Table 5. Measurement results of the average illuminance, uniformity, and space availability under the overcast, clear, and partly cloudy sky scenes.
Eav[lx] U0[–] %'''A'''[%]
Overcast 52 0.28 0
Clear 70 0.28 0
Partly cloudy 102 0.27 0

The measurement results show that at the nearest point to the window, the horizontal illuminance value is found to be 400 lx under the partly cloudy scene, compared to 180 lx under the overcast one. Despite this large variation, the uniformity in the three scenes are relatively similar (0.27–0.28), which means the influence of the PAR spot lamp on uniformity is limited, mainly increasing the total light output.

Moreover, none of the points receives a horizontal illuminance larger than 500 lx, under all sky scenes, mainly due to the relatively small (approximately 5%) window-to-wall ratio. As a result, the space availability (taking 500 lx as the minimum criterion) in all cases is zero. It should be noted that the general lighting in the room was completely switched off, to ensure that only the prototype contributed to the light inside the room.

Vertical illuminance on the observer׳s eye plane (Ev [lx]), together with the minimum (Lmin [cd/m2 ]) , maximum (Lmax [cd/m2 ]) , and average luminance (Lav [cd/m2 ]) perceived by the observer at positions 1 and 2 (referring to Figure 3 ) are displayed in Table 6 . These values were extracted from the post-processing software Photolux 3.1 . In addition, the DGP values obtained from Evalglare are also given.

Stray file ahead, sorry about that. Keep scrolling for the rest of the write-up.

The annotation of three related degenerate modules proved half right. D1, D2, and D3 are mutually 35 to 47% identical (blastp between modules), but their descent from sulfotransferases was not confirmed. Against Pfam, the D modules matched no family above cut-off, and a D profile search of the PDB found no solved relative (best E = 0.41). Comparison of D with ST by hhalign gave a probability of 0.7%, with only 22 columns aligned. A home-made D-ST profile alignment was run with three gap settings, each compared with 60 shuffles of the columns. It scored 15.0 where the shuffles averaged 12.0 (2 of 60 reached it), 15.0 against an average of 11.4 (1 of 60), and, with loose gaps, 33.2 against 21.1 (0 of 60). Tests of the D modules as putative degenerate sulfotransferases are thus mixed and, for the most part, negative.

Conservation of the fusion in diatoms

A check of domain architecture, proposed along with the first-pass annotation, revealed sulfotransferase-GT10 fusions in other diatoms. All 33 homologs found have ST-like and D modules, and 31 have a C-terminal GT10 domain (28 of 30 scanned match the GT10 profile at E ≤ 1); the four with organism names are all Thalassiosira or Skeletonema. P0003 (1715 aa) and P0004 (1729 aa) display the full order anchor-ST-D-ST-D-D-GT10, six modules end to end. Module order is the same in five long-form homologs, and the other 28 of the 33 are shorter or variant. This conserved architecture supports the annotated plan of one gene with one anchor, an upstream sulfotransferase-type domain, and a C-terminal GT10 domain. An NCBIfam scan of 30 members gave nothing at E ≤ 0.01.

Table 6. Vertical illuminance on the observer׳s eye, minimum, maximum, average luminance, and DGP perceived by the observer at positions 1 and 2 under the three sky scenes of the prototype.
Position – scene Ev[lx] Lmin[cd/m2] Lmax[cd/m2] Lav[cd/m2] DGP [–]
1 – Overcast 403 0.23 1550 73 0.24
2 – Overcast 208 0.18 1540 39 0.21
1 – Clear 427 0.28 5500 80 0.32
2 – Clear 246 0.22 3400 47 0.28
1 – Partly cloudy 600 0.40 6000 111 0.34
2 – Partly cloudy 348 0.30 4200 66 0.30